Mainstream success would bring highly paid endorsement deals, if male figure skating can sufficiently butch itself up. “Think of American Idol—you have Adam Lambert and Kris Allen,” says Michelle Kwan, whose former coach now works with Lysacek. “Weir is Lambert, he’s out there, and Evan is Kris, with a wider appeal.”
This is, of course, all relative. When I meet up with Lysacek at a coffee shop on the Upper East Side near the home of his costume designer and friend Vera Wang, with whom he was staying, he’s wearing gooey ChapStick, his eyebrows are waxed to perfect slashes, and he’s dressed in a Yohji Yamamoto gray knit cap, oversize black puffy jacket, and bright-silver high-top sneakers. Right off the bat, he’s willing to admit that figure skating “is not a supermacho sport. But I love that it’s so competitive; it’s one man versus the other man, there’s no one behind you, and there’s no one around you.”
Lysacek isn’t exactly a beer-swillin’ guy’s guy. When we meet, he’s wearing two rings, one from his fans and one from his ex-girlfriend, ice dancer Tanith Belbin (“I know I should take it off, I know I should let go”). His spidery masculinity is actorish and metrosexual. Back home in L.A., he says, his friends are all in “the biz.”
Lysacek grew up outside Chicago. His grandmother, who dreamed of joining the Ice Capades in her youth, gave both him and his sister skates for Christmas when he was 8 years old. His mother, Tanya, signed them up for a lesson. “Initially, Evan wanted to do hockey,” says Tanya. “He’s not flamboyant. His goal has always been to have dads watch him skate and then see that it’s okay for their sons to do this, too. Evan’s always wanted people to see it doesn’t have to be a feminine sport,” she says. Ultimately, she recalls, he liked the sport because of “the tricks, the speed, and the fact that you could leave the ground on your skates and then land.”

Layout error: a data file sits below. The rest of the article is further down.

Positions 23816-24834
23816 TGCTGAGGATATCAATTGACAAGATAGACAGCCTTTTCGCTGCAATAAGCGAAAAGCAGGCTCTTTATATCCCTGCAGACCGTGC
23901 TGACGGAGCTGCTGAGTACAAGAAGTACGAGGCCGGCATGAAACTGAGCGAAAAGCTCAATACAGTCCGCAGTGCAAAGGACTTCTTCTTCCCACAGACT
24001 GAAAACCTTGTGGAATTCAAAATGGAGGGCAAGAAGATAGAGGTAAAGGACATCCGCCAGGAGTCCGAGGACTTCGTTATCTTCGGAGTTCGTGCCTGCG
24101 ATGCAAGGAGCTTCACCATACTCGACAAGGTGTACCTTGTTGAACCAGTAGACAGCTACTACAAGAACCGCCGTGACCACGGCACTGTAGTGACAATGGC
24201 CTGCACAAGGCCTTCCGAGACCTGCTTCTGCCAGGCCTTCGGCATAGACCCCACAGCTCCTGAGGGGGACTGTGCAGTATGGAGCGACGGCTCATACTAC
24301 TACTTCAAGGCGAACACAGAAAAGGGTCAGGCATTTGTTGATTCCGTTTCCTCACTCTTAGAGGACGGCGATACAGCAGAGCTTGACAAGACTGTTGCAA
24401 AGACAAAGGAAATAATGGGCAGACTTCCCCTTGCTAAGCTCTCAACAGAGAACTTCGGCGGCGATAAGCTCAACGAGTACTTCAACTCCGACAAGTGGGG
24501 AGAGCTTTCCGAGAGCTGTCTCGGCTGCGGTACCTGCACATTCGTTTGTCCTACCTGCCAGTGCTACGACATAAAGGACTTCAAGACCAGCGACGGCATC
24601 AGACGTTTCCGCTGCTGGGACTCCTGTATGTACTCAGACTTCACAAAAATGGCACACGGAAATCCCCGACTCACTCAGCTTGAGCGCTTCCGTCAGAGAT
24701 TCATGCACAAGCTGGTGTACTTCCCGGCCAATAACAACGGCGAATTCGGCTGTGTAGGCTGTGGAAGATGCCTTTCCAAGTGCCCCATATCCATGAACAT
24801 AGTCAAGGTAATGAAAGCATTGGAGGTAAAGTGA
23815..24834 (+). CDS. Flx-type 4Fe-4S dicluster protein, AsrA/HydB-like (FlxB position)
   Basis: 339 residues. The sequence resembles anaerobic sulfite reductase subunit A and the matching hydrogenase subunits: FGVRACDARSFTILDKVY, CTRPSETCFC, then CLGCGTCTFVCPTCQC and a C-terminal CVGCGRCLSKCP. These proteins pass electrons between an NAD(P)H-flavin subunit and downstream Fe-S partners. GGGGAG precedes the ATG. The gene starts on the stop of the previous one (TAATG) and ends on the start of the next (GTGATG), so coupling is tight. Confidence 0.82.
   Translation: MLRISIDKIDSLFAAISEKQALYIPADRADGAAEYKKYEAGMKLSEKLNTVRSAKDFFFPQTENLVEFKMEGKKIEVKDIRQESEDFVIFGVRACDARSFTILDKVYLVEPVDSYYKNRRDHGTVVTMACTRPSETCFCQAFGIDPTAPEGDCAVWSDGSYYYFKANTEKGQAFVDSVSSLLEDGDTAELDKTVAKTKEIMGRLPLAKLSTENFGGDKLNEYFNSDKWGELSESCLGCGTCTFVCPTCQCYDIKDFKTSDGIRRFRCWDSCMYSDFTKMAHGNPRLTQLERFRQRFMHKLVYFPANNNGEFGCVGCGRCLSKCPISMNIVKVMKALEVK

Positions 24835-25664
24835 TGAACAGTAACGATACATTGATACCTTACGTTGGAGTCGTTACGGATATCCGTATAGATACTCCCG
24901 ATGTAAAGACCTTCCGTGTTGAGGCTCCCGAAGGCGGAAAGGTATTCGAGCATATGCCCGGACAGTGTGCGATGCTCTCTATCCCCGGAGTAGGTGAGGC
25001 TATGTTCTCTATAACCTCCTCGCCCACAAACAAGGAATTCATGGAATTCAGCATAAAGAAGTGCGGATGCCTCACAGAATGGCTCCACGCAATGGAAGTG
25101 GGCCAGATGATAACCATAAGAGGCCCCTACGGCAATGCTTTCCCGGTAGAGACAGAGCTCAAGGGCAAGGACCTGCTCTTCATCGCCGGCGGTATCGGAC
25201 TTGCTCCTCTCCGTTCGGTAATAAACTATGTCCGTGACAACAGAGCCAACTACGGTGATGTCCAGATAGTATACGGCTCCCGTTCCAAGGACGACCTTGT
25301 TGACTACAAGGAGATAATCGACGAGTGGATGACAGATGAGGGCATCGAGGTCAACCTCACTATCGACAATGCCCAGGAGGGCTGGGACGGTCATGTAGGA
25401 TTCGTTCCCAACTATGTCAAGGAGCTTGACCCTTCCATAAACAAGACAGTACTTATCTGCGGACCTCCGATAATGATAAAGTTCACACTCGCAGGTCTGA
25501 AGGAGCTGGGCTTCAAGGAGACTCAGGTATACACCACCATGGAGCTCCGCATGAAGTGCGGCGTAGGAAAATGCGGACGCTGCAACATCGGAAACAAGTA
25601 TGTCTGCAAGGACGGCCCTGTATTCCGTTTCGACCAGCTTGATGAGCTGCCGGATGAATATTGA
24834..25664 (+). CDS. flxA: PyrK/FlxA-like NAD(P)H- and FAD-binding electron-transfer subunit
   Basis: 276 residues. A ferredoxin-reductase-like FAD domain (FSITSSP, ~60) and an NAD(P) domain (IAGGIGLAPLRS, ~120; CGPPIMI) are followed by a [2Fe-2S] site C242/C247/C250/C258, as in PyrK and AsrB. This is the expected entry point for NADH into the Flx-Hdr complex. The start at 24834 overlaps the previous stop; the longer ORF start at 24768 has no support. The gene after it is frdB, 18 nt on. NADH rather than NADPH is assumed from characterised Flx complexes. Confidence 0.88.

From the fifth grade on, Lysacek lived skating, traveling, training, and moving up the rankings. After high school, he took up with Kwan’s coach, Frank Carroll.
Lysacek is probably best known for what happened at the Turin Olympics. After finishing tenth in the short program, he contracted a bacterial infection. “I was like, ‘Send me home, send me home right now,’ and they were giving me all these injections, but my veins kept collapsing because I was so dehydrated,” he says. Carroll wouldn’t let him quit. “He goes, ‘Just think about what you’re doing. This is your entire life—think about how many people and how many steps it took to get on the team, and you’re going to give it up because you don’t feel well? Okay, it’s up to you.’ ” Lysacek skipped practice but skated the long program, performing one of the best routines of his career and placing fourth overall, and his grit was featured in NBC’s coverage.